Jonny Venters and Fernando Rodney were available when they signed with Washington in late May and early June, respectively, because they struggled early this season, Venters in Atlanta, and Rodney out in Oakland.
Venters, 34, gave up nine hits, eight walks (15.34 BB/9), and 13 runs, nine earned, in nine games and 4 2⁄3 innings (17.36 ERA, 13.89 FIP), with seven strikeouts (13.50 K/9) before he was released by the Braves.
Rodney, 42, had a 9.42 ERA, a 5.56 FIP, 12 walks (7.53 BB/9), and 14 Ks (8.79 K/9) in 17 games and 14 1⁄3 IP before he was released by the A’s.
Venters had a 1.29 ERA, a 4.98 FIP, six walks, and four Ks in seven innings on the mound at Double-A Harrisburg after signing a minor league deal with the Nationals.
Rodney posted a 4.50 ERA, a 6.35 FIP, nine walks (10.13 BB/9), and 14 strikeouts (12.38 K/9) in nine games and eight innings pitched at Triple-A Fresno in the Nats’ system.
“They both checked all the boxes,” Nationals’ skipper Davey Martinez said, as quoted by MASN’s Mark Zuckerman, after the veteran relievers officially joined the team in Miami.
“The biggest thing was getting them to start throwing again,” Martinez continued.
“When we signed them, they weren’t pitching that much. So we wanted to make sure they were ready. And they did that. ... We thought this was the time, that they’re ready.”
As for what he expects from them and how he intends to use them?
“I told them: ‘You’re going to have to be ready to pitch on any given day,’” Martinez said.
“They’ll have some high-leverage situations. I like Venters, especially on lefties. And Rodney, he was a closer for many, many years. He understands high-leverage situations. We’ll see how they fit in.”
Venters said he was just happy to get another opportunity after a rough start to the season for the southpaw, who’s worked his way back from three and a half Tommy John surgeries.
“Obviously the beginning of the season was tough,” he told reporters before the start of the series with the Marlins. “I just didn’t pitch well, didn’t throw a lot of strikes, and when I did they seemed to get hit pretty hard, so between then and now, I’ve really just grinded, you know, tried to make some adjustments to my delivery and maybe how I was pitching guys and just try to fill up the zone, throw some strikes, and get some swings early, so hopefully that will carry over.”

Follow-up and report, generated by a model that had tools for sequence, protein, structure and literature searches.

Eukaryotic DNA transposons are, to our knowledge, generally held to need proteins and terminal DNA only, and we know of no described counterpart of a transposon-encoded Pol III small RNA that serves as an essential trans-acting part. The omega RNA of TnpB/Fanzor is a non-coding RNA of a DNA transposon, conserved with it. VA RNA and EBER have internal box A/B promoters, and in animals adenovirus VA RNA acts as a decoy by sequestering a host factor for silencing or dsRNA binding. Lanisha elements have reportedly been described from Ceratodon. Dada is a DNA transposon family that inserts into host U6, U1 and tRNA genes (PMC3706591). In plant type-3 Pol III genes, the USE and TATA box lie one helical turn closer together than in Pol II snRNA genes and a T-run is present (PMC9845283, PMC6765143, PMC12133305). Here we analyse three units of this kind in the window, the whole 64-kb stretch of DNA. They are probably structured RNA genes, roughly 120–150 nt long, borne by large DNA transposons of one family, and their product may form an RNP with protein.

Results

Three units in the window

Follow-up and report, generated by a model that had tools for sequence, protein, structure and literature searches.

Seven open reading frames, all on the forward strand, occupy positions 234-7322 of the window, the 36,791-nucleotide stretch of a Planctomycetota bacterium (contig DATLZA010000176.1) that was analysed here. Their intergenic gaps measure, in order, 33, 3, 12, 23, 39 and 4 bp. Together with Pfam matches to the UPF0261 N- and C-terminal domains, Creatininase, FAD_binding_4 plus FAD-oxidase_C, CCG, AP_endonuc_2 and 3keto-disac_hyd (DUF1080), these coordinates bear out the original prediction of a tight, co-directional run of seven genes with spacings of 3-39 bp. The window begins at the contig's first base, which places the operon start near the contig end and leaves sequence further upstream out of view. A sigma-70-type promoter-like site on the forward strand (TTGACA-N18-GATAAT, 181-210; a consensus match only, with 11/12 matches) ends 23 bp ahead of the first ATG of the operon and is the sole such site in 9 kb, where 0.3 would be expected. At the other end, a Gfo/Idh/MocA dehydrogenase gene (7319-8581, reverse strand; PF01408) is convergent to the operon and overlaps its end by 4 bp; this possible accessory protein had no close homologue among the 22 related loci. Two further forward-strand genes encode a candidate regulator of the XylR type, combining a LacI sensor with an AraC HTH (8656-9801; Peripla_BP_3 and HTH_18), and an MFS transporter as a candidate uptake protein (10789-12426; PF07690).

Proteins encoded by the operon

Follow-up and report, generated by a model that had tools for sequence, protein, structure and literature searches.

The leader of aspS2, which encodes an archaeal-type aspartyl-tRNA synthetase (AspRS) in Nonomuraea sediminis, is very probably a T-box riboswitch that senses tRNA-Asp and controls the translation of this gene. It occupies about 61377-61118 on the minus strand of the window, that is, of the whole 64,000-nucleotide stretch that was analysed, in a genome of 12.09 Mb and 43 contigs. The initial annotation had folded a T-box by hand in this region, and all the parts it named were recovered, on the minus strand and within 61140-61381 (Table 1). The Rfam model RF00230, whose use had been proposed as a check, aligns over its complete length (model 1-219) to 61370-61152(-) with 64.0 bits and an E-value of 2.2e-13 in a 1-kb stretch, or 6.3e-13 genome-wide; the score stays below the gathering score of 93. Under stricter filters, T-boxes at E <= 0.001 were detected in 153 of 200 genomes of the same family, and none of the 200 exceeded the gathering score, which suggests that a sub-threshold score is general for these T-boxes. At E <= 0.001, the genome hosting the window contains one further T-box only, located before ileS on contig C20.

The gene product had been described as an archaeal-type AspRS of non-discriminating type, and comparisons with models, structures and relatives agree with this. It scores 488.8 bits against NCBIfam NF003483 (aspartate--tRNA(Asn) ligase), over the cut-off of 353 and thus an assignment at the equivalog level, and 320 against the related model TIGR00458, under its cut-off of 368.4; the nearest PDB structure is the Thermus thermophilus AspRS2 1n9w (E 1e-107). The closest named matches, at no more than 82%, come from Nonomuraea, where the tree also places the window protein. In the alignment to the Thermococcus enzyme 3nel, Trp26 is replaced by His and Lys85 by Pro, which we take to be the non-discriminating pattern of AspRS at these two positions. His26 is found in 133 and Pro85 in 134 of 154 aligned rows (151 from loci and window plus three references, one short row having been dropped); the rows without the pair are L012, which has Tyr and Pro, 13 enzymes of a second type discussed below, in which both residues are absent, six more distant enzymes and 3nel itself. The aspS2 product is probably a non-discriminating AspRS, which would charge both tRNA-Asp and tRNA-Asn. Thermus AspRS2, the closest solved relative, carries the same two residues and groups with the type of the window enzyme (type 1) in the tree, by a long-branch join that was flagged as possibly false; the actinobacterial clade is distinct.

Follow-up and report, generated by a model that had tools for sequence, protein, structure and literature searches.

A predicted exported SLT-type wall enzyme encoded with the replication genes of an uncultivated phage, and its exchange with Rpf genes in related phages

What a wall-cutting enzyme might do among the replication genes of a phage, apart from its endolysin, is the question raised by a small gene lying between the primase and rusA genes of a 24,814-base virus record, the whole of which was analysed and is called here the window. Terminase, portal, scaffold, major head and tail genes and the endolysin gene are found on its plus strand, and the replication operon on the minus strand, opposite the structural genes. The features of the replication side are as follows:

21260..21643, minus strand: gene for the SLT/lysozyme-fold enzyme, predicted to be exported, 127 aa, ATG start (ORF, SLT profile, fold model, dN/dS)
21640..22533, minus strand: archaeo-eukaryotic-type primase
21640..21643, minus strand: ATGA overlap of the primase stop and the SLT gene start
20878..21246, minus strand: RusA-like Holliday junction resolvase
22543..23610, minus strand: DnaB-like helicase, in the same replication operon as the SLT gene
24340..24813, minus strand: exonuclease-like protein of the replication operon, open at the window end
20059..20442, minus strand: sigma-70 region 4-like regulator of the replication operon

He also said he thought a change of scenery might help him turn things around.
“When you get into a rut and you’re having a hard time getting out of [it], I think a new start, a fresh environment can help mentally,” Venters said. “It’s tough when you’re going to the yard every day and you know you’re struggling, and sometimes a change of scenery is what you need.”
Rodney said he just wanted to help the team continue the run they’ve been on recently.
“They bring me here to help the team to get rolling,” the oldest active player in the majors said.
“I think we’re in a good situation, good shape,” he added, “and we’ve got a good team and a lot of young talent in this room we can help and try to get to the postseason.”
His goal is simple.
“Get my three outs when they give me the chance,” Rodney said. “I think we got a lot of young guys here in the bullpen that need maybe some help in some situations. We can work together and make it work.”
Rodney got three outs in his debut for the Nationals in Miami, walking the first batter he faced before picking up a strikeout and getting a double play in an 11-pitch, seven-strike frame in the ninth in Marlins Park.
“That’s what I’ve known about Fernando,” Martinez said after the 6-1 win over the Fish. “I’ve seen that before. He can come in and go 0-2 to 4-2, and then throw some nasty pitches, he threw a great changeup to Neil Walker and threw a really good sinker to [Starlin] Castro and then came back with 96, but he’s a veteran guy, knows how to pitch.
“I’ve seen him come in and walk the first guy and settle down and get three outs, quick outs, so it’s nice, I’ve known him for a long time, he’s going to get an opportunity to pitch here and I hope he just continues to do well.”